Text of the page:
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Symposium to highlight undergraduate research

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NORTH NEWTON, KAN. – One of the cornerstones of a Bethel College education is undergraduate research – most majors require it in some form. To celebrate undergraduate research, Bethel will hold its annual Undergraduate Research, Internships and Creative Activity (URICA) symposium on campus Saturday, May 5.

The public is invited to any session of interest. There is no charge. Presentations begin at 9 a.m. and will end around 12:40 p.m. with a break for refreshments midway.

Session I, starting at 9 a.m., will include concurrent presentations in the areas of “Psychological Explorations of the Mind,” “Music and Literature,” “Twentieth-Century History” and “Media Analysis and Marketing.”

The psychology session, moderated by Ada Schmidt-Tieszen, professor of social work, takes place in Krehbiel Science Center (KSC) Room 121. From 9-9:20, Jennifer Regier, Diana Rempel and Mark Abrahams will present “Self-Reported and Brain Event-Related-Potential Effects of Supraliminal Affective Words.” From 9:20-9:40, Sarah Buller, Rondell Burge and Becky Schulz will present “The Effects of Personal Choice on Emotional and Physiological Responses to Music.” From 9:40-10, Bethany Trimble will present “The Interaction of Personality, Health Attitudes and Exercise Habits with Physical Therapy Rehabilitation.” From 10-10:20, Emma Lewis will present “Preferred Music Produces Conscious Relaxation and Physiological Ambiguity.”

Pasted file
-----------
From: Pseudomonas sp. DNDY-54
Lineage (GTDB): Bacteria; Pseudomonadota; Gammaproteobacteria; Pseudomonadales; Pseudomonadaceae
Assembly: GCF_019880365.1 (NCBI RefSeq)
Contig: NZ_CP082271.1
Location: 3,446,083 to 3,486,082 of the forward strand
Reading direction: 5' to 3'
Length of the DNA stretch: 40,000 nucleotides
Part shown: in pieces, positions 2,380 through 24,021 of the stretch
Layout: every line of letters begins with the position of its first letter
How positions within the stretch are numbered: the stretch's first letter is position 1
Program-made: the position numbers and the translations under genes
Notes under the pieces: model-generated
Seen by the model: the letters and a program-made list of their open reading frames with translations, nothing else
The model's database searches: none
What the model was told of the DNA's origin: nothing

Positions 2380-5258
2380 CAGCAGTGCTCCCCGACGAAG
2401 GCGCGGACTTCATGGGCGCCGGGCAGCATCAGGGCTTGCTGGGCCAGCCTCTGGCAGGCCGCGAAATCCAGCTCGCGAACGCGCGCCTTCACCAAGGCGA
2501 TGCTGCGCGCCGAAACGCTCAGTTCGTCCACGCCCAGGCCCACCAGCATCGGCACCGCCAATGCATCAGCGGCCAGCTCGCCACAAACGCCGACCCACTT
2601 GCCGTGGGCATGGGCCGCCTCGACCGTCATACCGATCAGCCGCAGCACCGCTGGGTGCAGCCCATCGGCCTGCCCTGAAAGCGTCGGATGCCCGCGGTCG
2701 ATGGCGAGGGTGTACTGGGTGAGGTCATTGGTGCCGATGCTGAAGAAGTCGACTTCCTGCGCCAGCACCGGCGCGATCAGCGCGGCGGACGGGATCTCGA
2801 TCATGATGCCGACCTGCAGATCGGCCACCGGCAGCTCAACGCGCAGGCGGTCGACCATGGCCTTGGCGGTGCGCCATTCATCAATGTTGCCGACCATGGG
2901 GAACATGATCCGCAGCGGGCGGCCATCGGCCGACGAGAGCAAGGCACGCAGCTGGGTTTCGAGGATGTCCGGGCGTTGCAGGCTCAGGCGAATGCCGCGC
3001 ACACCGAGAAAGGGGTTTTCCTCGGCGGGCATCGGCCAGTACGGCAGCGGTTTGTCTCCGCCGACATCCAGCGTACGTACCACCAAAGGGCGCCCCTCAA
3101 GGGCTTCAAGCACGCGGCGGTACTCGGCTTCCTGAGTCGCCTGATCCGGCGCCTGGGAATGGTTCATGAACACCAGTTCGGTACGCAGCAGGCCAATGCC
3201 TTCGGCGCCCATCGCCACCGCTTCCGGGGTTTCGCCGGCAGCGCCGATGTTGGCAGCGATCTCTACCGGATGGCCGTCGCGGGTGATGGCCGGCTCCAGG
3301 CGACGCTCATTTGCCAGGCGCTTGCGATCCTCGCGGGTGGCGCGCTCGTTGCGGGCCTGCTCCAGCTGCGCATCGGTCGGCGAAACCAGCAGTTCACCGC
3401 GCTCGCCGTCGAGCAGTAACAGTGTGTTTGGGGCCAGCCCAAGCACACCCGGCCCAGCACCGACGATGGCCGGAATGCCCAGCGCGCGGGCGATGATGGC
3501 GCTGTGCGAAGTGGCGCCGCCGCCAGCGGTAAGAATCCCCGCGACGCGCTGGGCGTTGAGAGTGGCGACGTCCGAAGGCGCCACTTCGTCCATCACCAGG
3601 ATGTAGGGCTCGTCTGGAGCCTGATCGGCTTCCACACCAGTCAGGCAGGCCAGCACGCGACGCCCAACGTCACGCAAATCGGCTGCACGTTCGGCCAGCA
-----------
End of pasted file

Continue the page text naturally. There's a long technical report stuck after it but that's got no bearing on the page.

The music and literature session, moderated by professor of English Ami Regier, will take place in KSC 016. From 9-9:20, Sara Adrian will present “The Musical Innovations of Henry Cowell.” From 9:20-9:40, Joel Linscheid will present “The Tenor Test: A Look at the Improvisational Styles of Coleman Hawkins, John Coltrane and Michael Brecker on Body and Soul.” From 9:40-10, Adam Gaeddert will present “‘Screams through earth and stone’: Subalternity in Arundhati Roy’s The God of Small Things.” From 10-10:20, Zachary Gingrich-Gaylord will present “Hip-Hop as Literature.”

The session on twentieth-century history will take place in Old Science Hall (SH) Room 103, moderated by associate professor of history Mark Jantzen. From 9-9:20, Jordan Penner will present “Postwar Literature in Spain and Yugoslavia.” From 9:20-9:40, Matthew Root will present “Dadaism: The Irrational Revolution.” From 9:40-10, Michael Voth will present “West Germany, The Marshall Plan and the Economic Miracle.” From 10-10:20, Kim Schmidt will present “Our Bodies, Ourselves and the Progression of Women’s Sexual Dialogue in the United States.”

The session on media analysis and marketing takes place in SH 305, moderated by Christine Crouse-Dick, assistant professor of communication arts. From 9-9:20, Nathan Eigsti will present “Tobacco Advertising.” From 9:20-9:40, Adam Gabriel will present “Minstrel Shows to Box Office Hits: An Examination of the Exploitation of African Americans in Cinema.” From 9:40-10, Kelsey Goertzen will present “Taking an Active Approach to Change the Future of Rural Communities through Communication.” From 10-10:20, Erinne Coit will present “Dying to Read: The Effects of Illiteracy on Women’s Health Care.”

From 10:20-11, there will be refreshments available in the KSC Atrium and all are encouraged to see the posters on display in the Administration Building chapel. These represent research on culture care theory done by seniors in the nursing department completing their transcultural nursing requirement for Community Nursing.